Many investors are still learning about the various metrics that can be useful when analysing a stock. This article is for those who would like to learn about Return On Equity (ROE). By way of learning-by-doing, we'll look at ROE to gain a better understanding of The a2 Milk Company Limited (NZSE:ATM).
Our data shows a2 Milk has a return on equity of 37% for the last year. That means that for every NZ$1 worth of shareholders' equity, it generated NZ$0.37 in profit.
How Do I Calculate Return On Equity?
The formula for return on equity is:
Return on Equity = Net Profit (from continuing operations) ÷ Shareholders' Equity
Or for a2 Milk:
37% = NZ$288m ÷ NZ$788m (Based on the trailing twelve months to June 2019.)
It's easy to understand the 'net profit' part of that equation, but 'shareholders' equity' requires further explanation. It is all the money paid into the company from shareholders, plus any earnings retained. Shareholders' equity can be calculated by subtracting the total liabilities of the company from the total assets of the company.
What Does Return On Equity Signify?
Return on Equity measures a company's profitability against the profit it has kept for the business (plus any capital injections). The 'return' is the amount earned after tax over the last twelve months. That means that the higher the ROE, the more profitable the company is. So, all else being equal, a high ROE is better than a low one. That means ROE can be used to compare two businesses.
Does a2 Milk Have A Good ROE?
One simple way to determine if a company has a good return on equity is to compare it to the average for its industry. The limitation of this approach is that some companies are quite different from others, even within the same industry classification. As you can see in the graphic below, a2 Milk has a higher ROE than the average (7.3%) in the Food industry.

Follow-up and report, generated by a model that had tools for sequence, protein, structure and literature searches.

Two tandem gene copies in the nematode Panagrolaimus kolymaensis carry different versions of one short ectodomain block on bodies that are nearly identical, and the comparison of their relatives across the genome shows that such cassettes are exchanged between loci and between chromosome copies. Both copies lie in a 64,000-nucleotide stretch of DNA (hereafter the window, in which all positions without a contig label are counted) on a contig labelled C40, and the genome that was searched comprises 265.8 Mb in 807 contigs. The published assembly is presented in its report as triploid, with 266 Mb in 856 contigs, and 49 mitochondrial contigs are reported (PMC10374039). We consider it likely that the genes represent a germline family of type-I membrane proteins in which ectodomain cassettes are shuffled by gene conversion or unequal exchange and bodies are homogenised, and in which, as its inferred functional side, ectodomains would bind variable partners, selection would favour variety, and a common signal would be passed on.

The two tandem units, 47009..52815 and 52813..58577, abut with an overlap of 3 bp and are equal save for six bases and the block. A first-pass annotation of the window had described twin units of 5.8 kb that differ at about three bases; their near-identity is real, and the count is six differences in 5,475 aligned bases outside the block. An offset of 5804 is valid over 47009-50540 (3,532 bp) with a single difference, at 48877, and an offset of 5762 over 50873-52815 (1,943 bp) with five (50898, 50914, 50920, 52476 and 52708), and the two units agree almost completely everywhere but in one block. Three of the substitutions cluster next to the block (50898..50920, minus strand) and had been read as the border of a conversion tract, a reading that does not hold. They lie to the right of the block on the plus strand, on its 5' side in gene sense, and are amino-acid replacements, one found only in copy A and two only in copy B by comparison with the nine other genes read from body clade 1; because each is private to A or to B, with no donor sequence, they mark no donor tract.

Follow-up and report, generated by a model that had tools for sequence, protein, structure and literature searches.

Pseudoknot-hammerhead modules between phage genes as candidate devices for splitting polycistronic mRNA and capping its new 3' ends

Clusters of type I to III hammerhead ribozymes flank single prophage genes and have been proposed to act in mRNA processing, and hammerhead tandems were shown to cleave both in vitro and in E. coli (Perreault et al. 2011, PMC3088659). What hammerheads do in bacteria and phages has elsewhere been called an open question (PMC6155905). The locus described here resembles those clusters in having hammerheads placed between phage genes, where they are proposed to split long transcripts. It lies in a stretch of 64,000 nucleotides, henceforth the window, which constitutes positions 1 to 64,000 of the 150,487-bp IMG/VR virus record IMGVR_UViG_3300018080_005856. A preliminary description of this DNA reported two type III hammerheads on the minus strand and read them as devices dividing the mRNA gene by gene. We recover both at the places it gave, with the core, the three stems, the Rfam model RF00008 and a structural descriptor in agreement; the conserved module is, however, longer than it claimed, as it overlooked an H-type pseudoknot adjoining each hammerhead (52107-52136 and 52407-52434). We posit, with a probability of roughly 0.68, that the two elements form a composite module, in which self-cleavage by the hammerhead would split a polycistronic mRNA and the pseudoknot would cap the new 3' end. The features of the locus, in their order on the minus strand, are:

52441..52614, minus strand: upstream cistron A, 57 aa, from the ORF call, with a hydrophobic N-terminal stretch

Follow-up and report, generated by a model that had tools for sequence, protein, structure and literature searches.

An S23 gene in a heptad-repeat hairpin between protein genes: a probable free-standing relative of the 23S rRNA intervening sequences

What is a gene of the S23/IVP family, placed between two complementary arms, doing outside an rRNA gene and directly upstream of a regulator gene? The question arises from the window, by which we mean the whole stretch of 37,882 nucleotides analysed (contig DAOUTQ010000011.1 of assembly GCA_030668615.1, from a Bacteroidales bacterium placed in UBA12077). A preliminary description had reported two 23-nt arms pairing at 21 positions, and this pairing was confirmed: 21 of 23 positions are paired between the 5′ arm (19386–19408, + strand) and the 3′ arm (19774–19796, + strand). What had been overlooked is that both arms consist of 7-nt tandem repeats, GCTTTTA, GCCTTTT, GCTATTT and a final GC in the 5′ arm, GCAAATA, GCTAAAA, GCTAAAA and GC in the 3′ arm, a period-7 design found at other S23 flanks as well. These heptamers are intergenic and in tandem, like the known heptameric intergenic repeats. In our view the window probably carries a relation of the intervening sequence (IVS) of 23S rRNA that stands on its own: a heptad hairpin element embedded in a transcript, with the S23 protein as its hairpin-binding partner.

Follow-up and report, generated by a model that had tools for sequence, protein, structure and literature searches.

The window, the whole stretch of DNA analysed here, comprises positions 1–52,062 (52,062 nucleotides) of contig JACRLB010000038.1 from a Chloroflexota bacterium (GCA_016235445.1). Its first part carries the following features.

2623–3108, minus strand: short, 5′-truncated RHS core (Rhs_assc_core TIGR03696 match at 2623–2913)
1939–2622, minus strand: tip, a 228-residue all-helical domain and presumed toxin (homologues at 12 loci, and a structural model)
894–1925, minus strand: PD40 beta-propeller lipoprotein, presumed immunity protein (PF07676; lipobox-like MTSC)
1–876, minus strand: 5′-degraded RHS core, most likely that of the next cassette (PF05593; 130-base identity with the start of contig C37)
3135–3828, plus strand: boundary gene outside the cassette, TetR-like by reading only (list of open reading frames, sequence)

That's what I like to see. I usually take a closer look when a company has a better ROE than industry peers. One data point to check is if insiders have bought shares recently.
Why You Should Consider Debt When Looking At ROE
Virtually all companies need money to invest in the business, to grow profits. That cash can come from issuing shares, retained earnings, or debt. In the first and second cases, the ROE will reflect this use of cash for investment in the business. In the latter case, the debt required for growth will boost returns, but will not impact the shareholders' equity. Thus the use of debt can improve ROE, albeit along with extra risk in the case of stormy weather, metaphorically speaking.
Combining a2 Milk's Debt And Its 37% Return On Equity
One positive for shareholders is that a2 Milk does not have any net debt! Its high ROE already points to a high quality business, but the lack of debt is a cherry on top. After all, when a company has a strong balance sheet, it can often find ways to invest in growth, even if it takes some time.
But It's Just One Metric
Return on equity is one way we can compare the business quality of different companies. Companies that can achieve high returns on equity without too much debt are generally of good quality. If two companies have around the same level of debt to equity, and one has a higher ROE, I'd generally prefer the one with higher ROE.
But ROE is just one piece of a bigger puzzle, since high quality businesses often trade on high multiples of earnings. It is important to consider other factors, such as future profit growth -- and how much investment is required going forward. So I think it may be worth checking this free report on analyst forecasts for the company.
Of course a2 Milk may not be the best stock to buy. So you may wish to see this free collection of other companies that have high ROE and low debt.
If you spot an error that warrants correction, please contact the editor at email@example.com. This article by Simply Wall St is general in nature. It does not constitute a recommendation to buy or sell any stock, and does not take account of your objectives, or your financial situation. Simply Wall St has no position in the stocks mentioned.
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